These swirling, bubbling galactic clouds are cooking up a cosmic breeding ground for young stars.

This composite image of the molecular cloud, RCW106, which is about 12,000 light years away, comes from the European Space Agency’s Herschel Space Observatory. In it, you’ll find all the ingredients you need to whip up newborn stars.

RCW106 is a massive molecular cloud producing hundreds of baby stars.
RCW106 is a massive molecular cloud producing hundreds of baby stars. 

The smoky looking formations across the image are various gases — like hydrogen, carbon, and oxygen — which, are being combined with stellar dust most likely accumulated from ancient star explosions. The image was captured in infrared light, so the blue areas are actually the hottest regions of the cloud, while the reds and golds are the coolest.

The high gravitational energy it takes to fuse the dust and gas compounds into stars is producing all of that heat. You can see this process really unfolding in the lower left portion of the image, where there is a very dense star cluster of about a dozen newborn stars being formed and releasing so much heat that the clouds become a pale blue in the infrared view.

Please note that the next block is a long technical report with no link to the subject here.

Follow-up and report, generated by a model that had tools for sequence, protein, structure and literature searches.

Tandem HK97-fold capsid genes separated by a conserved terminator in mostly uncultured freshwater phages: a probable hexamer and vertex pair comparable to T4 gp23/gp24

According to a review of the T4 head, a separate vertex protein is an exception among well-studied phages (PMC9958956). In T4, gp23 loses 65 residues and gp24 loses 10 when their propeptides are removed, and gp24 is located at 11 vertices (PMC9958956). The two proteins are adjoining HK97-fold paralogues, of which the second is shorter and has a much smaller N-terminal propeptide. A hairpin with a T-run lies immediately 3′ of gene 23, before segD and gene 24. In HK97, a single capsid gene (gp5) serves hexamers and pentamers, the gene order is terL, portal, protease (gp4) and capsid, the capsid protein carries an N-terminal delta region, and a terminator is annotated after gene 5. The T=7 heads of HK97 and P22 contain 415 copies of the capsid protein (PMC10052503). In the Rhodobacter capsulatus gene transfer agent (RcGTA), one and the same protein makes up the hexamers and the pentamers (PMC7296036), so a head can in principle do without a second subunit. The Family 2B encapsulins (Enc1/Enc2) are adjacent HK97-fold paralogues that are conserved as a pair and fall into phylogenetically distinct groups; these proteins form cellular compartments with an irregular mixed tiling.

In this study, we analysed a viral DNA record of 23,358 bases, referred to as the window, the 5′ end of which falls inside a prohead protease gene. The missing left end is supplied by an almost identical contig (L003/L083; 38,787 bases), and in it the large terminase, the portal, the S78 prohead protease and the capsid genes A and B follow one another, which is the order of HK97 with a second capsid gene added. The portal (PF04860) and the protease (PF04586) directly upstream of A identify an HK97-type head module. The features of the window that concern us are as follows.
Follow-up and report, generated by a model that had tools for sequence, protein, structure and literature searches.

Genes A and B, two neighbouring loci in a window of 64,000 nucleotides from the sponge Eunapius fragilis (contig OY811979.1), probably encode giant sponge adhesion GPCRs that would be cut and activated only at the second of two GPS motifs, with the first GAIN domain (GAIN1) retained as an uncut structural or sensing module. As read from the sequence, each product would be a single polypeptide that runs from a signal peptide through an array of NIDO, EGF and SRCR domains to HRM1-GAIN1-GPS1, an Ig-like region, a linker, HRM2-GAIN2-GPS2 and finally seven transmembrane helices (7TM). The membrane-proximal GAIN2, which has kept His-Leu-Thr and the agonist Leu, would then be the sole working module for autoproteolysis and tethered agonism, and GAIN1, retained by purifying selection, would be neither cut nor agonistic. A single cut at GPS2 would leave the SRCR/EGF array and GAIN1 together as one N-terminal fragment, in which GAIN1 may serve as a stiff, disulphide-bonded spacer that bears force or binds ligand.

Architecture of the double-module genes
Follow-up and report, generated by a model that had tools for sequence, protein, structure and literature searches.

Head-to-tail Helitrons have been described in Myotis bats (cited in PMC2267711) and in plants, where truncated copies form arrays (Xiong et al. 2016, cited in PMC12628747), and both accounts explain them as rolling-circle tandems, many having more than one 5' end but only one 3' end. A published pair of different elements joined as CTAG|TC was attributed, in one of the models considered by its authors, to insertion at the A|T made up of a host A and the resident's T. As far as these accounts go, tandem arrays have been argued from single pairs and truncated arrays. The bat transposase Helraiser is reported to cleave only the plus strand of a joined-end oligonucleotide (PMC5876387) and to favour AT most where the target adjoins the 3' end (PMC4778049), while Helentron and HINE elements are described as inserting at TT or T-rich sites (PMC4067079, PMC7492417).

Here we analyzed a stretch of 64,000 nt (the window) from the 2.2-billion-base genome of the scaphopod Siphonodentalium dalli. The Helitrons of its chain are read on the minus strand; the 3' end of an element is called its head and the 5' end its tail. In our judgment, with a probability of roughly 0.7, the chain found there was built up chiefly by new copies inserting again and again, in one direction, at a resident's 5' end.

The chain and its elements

The pockets throughout the image were created by massive winds swirling through this formation, kind of like the spoon that is stirring the pot. It is along the edges of those pockets where most of the stars in the cloud form.

The chemical makeup of the winds, gases, dust, and heat are helping scientists understand what exactly it takes for these stellar nurseries to form and ultimately, how our universe came to be.

Photos via ESA/Herschel/PACS, SPIRE/Hi-GAL Project. Acknowledgement: UNIMAP / L. Piazzo, La Sapienza – Università di Roma; E. Schisano / G. Li Causi, IAPS/INAF, Italy